Partner Alice Thevin

Queer Places:
211 Commonwealth Avenue, Boston, MA 02116
Mount Auburn Cemetery Cambridge, Middlesex County, Massachusetts, USA

Fanny Peabody Mason (November 18, 1864 - August 29, 1948) was born in Boston, Massachusetts, the daughter of William Powell Mason (1835–1901) and Fanny Peabody Mason (1840–1895). Clara Endicott Sears was a New England author, preservationist, and philanthropist. She made a pact with cousins Mary Crowinshield Endicott and Fanny Peabody Mason to never marry. Sears led an independent lifestyle, acting as her mother’s adult companion, and traveled to Europe to visit Mary, who had married and moved to England.

The Peabody Mason Concerts were inaugurated in 1891 with a performance by Ferruccio Busoni.[1] The inaugural concert took place in the Mason music room, which had not been used by the family since the death of Miss Mason's mother. The name Peabody Mason comes from Miss Fanny Peabody Mason, who until her death in 1948 was an active patron of music both in the United States and abroad. Her musical interests were piano, singing and chamber music. In the years that followed, at her homes in Boston and in Paris, in Beverly on the North Shore and on her two-thousand-acre (8 km²) estate in Walpole, New Hampshire, Miss Mason continued to offer recitals by Ignacy Paderewski,[1] Arthur Rubinstein,[1] the Alfred Cortot-Jacques Thibaud-Pablo Casals trio, Emma Calvé, Maggie Teyte, the Nadia Boulanger Chamber Ensemble, Alexander Brailowsky, Egon Petri[1] and Earl Wild, among many others. In 1945, in Cambridge, Massachusetts, she gave a festival of Fauré’s music, including his opera Pénélope in concert form as a centennial commemoration of the birth of Gabriel Fauré. Miss Mason also commissioned Bohuslav Martinu’s Quintet for Piano and Strings, which was performed at her Boston residence at 211 Commonwealth Avenue in the presence of the composer.[1] The artist for many of the concerts presented by Miss Mason was pianist Paul Doguereau. Doguereau organized the commemorative Fauré Festival and was also the pianist for the performance of the Martinu Piano Quintet. First-prize recipient in piano at the Paris Conservatory, Doguereau studied under several eminent musicians including Emil von Sauer, Egon Petri, Ignaz Paderewski and Maurice Ravel. He concertized in Europe and North America and devoted much of his time to organizing the Peabody Mason concerts.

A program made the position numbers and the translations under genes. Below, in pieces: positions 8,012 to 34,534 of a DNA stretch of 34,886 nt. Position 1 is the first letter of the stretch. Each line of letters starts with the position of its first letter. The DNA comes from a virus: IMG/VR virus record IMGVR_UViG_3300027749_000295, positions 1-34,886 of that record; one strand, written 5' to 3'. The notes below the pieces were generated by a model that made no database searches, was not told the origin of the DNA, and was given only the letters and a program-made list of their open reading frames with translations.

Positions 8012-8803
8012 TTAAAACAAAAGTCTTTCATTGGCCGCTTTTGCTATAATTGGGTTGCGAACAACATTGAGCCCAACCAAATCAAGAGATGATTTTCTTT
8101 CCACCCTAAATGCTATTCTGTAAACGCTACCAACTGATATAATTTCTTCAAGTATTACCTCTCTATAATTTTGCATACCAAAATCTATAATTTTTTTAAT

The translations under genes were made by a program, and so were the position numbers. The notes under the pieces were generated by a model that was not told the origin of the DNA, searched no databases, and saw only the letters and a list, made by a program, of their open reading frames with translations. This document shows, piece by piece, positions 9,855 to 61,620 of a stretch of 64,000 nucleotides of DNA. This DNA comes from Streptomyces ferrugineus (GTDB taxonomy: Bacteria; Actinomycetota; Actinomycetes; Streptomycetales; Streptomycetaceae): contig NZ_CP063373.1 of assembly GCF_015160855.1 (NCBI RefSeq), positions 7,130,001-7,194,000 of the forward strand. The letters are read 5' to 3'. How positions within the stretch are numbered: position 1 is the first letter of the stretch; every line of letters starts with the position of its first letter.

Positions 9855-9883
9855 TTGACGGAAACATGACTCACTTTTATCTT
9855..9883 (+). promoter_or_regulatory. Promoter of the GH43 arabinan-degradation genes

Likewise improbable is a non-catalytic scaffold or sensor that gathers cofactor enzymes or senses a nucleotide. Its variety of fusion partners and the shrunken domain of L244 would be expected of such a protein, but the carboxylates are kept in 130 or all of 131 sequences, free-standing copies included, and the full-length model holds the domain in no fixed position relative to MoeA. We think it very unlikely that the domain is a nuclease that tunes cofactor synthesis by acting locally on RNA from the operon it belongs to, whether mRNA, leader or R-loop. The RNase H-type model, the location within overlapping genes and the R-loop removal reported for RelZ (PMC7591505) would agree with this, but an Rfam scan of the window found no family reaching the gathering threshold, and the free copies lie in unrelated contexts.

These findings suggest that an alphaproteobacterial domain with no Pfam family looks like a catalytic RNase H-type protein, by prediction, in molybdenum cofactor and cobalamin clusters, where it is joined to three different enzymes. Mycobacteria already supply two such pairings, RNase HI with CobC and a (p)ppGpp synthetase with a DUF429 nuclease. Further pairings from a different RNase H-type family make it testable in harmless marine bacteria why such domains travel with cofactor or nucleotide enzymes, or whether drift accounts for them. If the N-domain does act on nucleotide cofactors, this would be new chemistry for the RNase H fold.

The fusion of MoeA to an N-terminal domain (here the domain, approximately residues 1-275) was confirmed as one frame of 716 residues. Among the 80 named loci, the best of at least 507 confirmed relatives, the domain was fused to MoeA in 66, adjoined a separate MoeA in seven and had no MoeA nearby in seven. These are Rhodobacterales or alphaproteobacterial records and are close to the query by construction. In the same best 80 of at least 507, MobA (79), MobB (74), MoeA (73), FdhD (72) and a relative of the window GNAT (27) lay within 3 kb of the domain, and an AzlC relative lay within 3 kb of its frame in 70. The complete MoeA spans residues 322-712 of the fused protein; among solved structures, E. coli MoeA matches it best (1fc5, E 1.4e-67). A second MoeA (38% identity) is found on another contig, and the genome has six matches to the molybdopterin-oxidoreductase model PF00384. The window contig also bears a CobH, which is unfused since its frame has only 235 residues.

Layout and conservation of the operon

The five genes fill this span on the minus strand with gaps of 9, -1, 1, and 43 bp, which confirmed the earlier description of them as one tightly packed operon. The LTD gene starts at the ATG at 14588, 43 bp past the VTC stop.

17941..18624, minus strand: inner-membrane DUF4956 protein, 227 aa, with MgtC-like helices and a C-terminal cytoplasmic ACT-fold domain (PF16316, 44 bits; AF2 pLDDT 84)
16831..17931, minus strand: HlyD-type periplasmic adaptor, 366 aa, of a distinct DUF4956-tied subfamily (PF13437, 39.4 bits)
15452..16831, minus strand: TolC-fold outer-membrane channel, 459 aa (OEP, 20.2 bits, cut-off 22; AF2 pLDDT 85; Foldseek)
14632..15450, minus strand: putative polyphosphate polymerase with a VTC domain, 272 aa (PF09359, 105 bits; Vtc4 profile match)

Janet Scudder (American, 1869-1940) Bronze Portrait Plaque Depicting Alice Thevin

In her later years, Miss Mason transferred more of the responsibilities to her friend, pianist Paul Doguereau. They had often discussed presenting classical music at its best as a gift to general audiences. Upon her death in 1948, Miss Mason left a trust for musical enterprises under Mr. Doguereau’s direction. The Peabody Mason concerts continued to faithfully reflect the aspirations and purposes of Miss Mason.

Fanny Peabody Mason died aged 83 at Beverly, Massachusetts. The early Peabody Mason Piano Competitions were organized by Fanny Peabody Mason's longtime friend, pianist Paul Doguereau. The piano competition was inspired by Mason’s commitment to, and aspirations for, the arts and serves to showcase and encourage emerging piano talent. The first competition was held in 1981, with others following in 1984 and 1985. The grand prize winner received a yearly stipend plus a New York and a Boston recital. The competition’s rich heritage, its intermittent nature, and its generous prize have led to a significant reputation and a certain cachet for the award.

My published books:

See my published books